Context and Communication (completed)
The Context and Communication sub-project will build on and expand research done by Herman Cappelen, Deirdre Wilson and collaborators during the first phase of CSMN.
About the project
Our work will centre around four areas of research:
- We will build on work done by Cappelen and Hawthorne in their book Relativism and Monadic Truth (Oxford University Press, 2009). This has triggered a number of responses from advocates of a relativistic semantics for various natural language expressions. One goal of our research will be to investigate those responses and see whether new and more sophisticated version of relativistic semantics can overcome the objections raised by Cappelen, Hawthorne, and others.
- We plan to explore forms of relativism that do not relativize truth, but instead construe the content of an utterance as varying between interpreters. According to this kind of view, sometimes called ‘content relativism’, the correct interpretation of an utterance of a sentence can vary between two interpreters. Such semantic theories are still in their infancy, but initial explorations have been made in connection with pronouns (in work by Andy Egan), conditionals (in work by Brian Weatherson), questions, demands, and other speech acts (by Herman Cappelen).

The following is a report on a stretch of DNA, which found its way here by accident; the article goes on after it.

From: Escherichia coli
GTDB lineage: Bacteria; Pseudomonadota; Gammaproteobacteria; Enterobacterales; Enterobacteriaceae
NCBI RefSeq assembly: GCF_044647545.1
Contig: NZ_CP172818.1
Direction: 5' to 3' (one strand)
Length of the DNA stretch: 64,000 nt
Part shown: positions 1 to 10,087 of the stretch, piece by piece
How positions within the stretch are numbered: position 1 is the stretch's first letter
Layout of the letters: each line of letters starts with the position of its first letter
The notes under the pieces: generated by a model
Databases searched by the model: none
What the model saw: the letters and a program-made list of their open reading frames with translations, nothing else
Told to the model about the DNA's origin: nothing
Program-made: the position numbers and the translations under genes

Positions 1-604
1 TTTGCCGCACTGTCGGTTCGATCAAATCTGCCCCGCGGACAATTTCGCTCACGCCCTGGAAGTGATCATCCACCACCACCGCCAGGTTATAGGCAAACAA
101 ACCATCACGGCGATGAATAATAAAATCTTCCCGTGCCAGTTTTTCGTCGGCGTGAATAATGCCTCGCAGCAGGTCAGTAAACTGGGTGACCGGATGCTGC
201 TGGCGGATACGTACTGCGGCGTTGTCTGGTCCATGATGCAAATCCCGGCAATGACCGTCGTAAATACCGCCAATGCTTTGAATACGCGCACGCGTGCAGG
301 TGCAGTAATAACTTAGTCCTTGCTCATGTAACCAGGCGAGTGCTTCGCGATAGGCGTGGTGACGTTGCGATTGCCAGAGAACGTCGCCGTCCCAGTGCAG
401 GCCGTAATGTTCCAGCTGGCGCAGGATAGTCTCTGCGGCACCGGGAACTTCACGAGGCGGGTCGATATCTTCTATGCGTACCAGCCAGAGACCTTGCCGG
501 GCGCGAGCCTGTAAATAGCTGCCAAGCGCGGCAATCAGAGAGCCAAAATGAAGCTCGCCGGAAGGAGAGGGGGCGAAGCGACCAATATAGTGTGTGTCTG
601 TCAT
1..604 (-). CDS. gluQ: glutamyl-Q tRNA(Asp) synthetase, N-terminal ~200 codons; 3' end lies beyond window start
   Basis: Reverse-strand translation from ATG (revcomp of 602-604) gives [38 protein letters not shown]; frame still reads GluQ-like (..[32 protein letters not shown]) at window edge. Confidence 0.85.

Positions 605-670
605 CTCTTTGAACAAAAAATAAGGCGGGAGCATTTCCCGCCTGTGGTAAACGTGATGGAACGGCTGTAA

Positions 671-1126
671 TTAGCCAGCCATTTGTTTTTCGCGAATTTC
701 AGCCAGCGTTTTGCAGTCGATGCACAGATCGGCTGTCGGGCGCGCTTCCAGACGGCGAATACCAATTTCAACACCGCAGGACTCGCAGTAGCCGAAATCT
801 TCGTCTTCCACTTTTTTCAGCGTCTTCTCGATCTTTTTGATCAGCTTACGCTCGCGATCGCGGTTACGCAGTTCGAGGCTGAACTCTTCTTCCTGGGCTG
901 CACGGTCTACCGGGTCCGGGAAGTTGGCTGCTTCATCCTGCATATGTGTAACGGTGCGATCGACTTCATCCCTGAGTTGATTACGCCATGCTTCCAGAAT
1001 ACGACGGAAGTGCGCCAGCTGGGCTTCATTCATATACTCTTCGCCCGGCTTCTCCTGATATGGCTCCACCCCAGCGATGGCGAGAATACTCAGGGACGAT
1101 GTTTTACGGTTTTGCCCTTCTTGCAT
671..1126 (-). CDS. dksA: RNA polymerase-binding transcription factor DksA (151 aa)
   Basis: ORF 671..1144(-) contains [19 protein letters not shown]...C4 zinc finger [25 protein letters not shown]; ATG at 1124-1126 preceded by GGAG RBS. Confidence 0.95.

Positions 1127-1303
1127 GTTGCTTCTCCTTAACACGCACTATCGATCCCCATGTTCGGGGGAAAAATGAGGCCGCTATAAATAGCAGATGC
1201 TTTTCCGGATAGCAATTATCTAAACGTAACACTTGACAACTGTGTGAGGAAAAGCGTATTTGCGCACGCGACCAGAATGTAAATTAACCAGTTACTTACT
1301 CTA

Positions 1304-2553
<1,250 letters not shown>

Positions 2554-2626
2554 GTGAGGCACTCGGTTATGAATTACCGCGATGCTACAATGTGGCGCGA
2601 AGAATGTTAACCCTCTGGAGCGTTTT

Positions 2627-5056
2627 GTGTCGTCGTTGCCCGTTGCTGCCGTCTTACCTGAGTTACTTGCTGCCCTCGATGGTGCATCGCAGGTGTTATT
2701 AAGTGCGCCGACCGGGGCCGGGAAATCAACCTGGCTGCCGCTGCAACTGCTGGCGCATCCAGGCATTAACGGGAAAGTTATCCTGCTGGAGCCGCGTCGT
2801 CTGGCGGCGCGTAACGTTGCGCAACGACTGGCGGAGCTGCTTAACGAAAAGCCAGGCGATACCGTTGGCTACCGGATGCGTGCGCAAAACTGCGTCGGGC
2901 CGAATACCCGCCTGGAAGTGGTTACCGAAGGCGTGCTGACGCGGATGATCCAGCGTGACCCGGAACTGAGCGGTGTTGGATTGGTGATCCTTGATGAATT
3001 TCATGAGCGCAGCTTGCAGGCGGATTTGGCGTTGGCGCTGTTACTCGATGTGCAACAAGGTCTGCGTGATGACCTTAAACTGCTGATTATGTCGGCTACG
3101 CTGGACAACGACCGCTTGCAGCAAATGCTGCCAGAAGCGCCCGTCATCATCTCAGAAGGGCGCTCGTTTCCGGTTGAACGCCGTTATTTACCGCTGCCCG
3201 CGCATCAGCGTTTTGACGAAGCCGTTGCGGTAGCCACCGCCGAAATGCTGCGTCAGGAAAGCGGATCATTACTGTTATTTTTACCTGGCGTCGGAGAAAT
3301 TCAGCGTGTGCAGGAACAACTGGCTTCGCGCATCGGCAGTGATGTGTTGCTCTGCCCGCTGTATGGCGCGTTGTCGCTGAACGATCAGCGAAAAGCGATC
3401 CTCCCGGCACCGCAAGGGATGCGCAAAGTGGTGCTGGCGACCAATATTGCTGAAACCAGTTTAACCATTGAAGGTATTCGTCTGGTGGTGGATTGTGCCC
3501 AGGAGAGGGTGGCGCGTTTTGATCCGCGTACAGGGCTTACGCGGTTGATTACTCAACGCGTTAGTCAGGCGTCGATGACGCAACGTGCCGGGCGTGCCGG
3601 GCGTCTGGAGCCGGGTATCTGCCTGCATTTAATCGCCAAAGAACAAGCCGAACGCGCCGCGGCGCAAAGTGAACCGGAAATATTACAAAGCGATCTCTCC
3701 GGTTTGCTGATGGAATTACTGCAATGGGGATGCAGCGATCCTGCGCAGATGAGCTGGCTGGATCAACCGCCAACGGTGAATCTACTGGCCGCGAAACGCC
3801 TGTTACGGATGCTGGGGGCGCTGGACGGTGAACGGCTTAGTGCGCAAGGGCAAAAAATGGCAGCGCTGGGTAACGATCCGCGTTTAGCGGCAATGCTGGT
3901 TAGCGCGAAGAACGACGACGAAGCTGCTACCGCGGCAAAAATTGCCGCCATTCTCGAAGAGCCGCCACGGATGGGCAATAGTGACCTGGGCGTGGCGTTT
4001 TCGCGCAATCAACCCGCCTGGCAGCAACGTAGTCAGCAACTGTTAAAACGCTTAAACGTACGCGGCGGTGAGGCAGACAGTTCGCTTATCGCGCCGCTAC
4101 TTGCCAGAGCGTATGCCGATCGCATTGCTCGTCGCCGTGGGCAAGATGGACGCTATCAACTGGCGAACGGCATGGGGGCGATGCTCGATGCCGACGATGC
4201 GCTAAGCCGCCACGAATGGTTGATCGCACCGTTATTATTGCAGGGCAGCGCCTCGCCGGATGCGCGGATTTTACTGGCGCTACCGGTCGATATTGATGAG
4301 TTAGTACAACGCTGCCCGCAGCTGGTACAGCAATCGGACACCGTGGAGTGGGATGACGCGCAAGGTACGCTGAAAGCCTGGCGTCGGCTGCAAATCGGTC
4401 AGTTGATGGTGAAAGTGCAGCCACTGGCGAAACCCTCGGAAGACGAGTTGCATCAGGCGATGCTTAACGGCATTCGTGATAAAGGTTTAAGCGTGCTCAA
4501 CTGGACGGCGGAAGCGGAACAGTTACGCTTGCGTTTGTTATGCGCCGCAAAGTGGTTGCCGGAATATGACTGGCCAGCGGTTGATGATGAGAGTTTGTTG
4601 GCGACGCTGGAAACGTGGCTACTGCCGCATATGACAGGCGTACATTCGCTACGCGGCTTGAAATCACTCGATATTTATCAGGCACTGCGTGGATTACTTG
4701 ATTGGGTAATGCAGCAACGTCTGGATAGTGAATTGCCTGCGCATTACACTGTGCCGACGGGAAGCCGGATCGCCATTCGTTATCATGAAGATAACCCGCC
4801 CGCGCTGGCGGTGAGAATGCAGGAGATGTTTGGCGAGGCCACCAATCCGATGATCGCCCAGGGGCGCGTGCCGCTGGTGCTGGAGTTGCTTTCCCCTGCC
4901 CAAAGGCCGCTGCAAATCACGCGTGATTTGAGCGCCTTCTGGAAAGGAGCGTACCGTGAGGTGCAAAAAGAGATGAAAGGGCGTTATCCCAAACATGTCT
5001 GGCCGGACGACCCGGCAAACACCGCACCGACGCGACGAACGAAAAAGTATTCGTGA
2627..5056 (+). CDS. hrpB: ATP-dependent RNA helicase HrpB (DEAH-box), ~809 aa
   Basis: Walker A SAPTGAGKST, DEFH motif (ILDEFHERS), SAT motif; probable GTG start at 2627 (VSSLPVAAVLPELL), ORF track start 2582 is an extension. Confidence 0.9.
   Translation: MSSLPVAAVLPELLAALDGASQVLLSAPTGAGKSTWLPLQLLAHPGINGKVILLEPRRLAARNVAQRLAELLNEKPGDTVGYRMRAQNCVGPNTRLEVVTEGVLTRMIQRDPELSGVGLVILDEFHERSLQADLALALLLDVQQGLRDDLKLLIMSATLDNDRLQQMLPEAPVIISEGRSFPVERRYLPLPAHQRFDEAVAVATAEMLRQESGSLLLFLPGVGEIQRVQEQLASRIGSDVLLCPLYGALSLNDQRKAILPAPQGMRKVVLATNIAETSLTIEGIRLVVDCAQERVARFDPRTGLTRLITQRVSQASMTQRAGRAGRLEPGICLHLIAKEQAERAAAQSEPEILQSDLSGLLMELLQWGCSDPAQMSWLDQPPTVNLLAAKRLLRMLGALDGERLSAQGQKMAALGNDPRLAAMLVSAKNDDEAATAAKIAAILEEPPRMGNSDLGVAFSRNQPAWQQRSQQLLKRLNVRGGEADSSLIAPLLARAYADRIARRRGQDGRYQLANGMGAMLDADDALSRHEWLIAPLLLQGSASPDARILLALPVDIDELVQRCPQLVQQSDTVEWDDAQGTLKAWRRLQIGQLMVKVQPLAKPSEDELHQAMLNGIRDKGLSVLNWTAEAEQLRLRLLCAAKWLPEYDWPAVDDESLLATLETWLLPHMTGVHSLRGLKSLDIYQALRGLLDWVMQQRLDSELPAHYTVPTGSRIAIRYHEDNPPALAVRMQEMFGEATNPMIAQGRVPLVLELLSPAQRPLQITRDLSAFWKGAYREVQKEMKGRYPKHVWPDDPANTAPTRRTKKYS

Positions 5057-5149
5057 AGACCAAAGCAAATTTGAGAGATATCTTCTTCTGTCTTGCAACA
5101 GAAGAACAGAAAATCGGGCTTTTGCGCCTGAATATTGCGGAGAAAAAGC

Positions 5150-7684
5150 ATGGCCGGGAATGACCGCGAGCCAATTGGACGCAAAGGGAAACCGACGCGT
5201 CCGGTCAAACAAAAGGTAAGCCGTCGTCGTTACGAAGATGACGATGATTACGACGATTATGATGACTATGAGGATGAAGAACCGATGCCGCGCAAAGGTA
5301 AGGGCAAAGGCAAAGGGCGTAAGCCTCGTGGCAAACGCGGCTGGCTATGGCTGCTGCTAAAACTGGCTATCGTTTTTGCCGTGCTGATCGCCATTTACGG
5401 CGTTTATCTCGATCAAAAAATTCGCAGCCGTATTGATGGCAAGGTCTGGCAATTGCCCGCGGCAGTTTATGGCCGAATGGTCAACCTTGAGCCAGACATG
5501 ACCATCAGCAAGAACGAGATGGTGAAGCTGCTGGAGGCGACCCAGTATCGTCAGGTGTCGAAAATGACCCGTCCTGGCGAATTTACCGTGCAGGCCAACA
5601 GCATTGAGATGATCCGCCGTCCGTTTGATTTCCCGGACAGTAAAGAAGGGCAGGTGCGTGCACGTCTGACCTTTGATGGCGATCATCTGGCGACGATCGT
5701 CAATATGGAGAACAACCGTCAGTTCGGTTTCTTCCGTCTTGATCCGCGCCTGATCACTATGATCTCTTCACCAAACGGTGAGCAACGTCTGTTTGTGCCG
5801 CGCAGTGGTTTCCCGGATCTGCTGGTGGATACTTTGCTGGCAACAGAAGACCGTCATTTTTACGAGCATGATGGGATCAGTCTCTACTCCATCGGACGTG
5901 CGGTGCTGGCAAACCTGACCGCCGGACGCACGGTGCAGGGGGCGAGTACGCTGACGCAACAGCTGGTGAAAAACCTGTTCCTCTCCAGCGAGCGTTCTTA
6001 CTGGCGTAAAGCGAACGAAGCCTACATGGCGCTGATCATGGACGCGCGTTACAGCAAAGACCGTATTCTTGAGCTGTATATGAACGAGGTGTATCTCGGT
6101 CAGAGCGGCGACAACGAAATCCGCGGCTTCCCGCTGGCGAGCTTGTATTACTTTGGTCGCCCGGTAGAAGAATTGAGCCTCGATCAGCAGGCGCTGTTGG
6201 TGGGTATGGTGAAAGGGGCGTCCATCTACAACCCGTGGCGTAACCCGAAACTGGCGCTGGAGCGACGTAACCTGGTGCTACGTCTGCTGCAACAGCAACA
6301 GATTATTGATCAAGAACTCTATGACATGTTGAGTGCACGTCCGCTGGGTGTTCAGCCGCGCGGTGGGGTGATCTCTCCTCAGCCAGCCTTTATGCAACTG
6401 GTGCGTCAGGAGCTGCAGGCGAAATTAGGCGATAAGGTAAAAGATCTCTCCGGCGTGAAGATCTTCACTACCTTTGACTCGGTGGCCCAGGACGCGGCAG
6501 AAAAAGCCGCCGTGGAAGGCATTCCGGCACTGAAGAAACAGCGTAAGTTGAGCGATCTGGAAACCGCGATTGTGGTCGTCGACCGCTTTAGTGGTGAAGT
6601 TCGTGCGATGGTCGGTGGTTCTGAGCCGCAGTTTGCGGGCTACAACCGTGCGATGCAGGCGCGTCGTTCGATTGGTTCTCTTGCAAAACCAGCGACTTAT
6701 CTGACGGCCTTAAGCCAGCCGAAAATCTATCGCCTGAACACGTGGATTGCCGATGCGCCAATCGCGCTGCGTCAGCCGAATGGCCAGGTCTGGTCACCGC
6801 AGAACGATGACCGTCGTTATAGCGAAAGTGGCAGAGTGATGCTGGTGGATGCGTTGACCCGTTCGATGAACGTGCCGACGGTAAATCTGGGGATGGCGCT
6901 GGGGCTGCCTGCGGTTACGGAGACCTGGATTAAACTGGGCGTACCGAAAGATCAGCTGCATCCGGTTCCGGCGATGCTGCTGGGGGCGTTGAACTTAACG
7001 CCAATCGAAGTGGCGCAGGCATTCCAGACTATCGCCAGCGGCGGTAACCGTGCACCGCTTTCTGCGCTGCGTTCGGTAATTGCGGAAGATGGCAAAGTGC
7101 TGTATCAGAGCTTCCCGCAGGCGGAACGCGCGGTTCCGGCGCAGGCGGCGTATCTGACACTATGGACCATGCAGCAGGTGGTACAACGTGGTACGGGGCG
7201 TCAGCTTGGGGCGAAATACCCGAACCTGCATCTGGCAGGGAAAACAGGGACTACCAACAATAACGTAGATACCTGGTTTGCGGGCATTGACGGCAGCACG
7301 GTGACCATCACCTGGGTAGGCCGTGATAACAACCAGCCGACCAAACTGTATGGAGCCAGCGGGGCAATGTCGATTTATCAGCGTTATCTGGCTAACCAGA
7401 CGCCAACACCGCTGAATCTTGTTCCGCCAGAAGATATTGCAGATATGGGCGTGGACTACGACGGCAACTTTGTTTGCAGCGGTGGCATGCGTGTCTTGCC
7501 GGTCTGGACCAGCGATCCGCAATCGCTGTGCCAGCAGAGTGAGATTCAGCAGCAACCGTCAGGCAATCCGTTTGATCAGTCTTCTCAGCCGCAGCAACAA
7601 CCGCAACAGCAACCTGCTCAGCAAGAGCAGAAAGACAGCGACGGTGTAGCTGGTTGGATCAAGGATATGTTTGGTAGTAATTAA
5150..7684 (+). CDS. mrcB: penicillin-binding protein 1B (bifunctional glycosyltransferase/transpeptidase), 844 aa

- We will explore the connection between relativistic semantic frameworks and expressivist frameworks such as those developed by Seth Yalchin for epistemic modals and Alan Gibbard for moral language. Do expressivist models have theoretical virtues lacking in relativistic models?
- There is currently an upsurge in literature that relies on and develops David Lewis’ theory of the de se to explain various phenomena involving indexicality, perspective, and context sensitivity in language and thought. Many theorists think Lewis’ account is well positioned to explain the connection between thought, language and the rationalization of agency. We want to investigate such claims. What kind of explanatory work can be done by semantic accounts that treat contents as centered worlds? In particular we focus on whether special contents – e.g. centered worlds – are needed to explain how agents can rationalize actions. This will provide a link between work done in Linguistic Agency and Rational Agency.
In addition to these four interconnected areas of focus, we plan to continue some of the other research in our existing sub-project on “Context and communication”: What can norms of assertion tell us about the nature of content and the connection between context and communication? What is agreement and disagreement, and what role should intuitions about these phenomena play in a theory of communication? Can philosophical work on context and communication throw light on legal interpretation and the philosophy of law?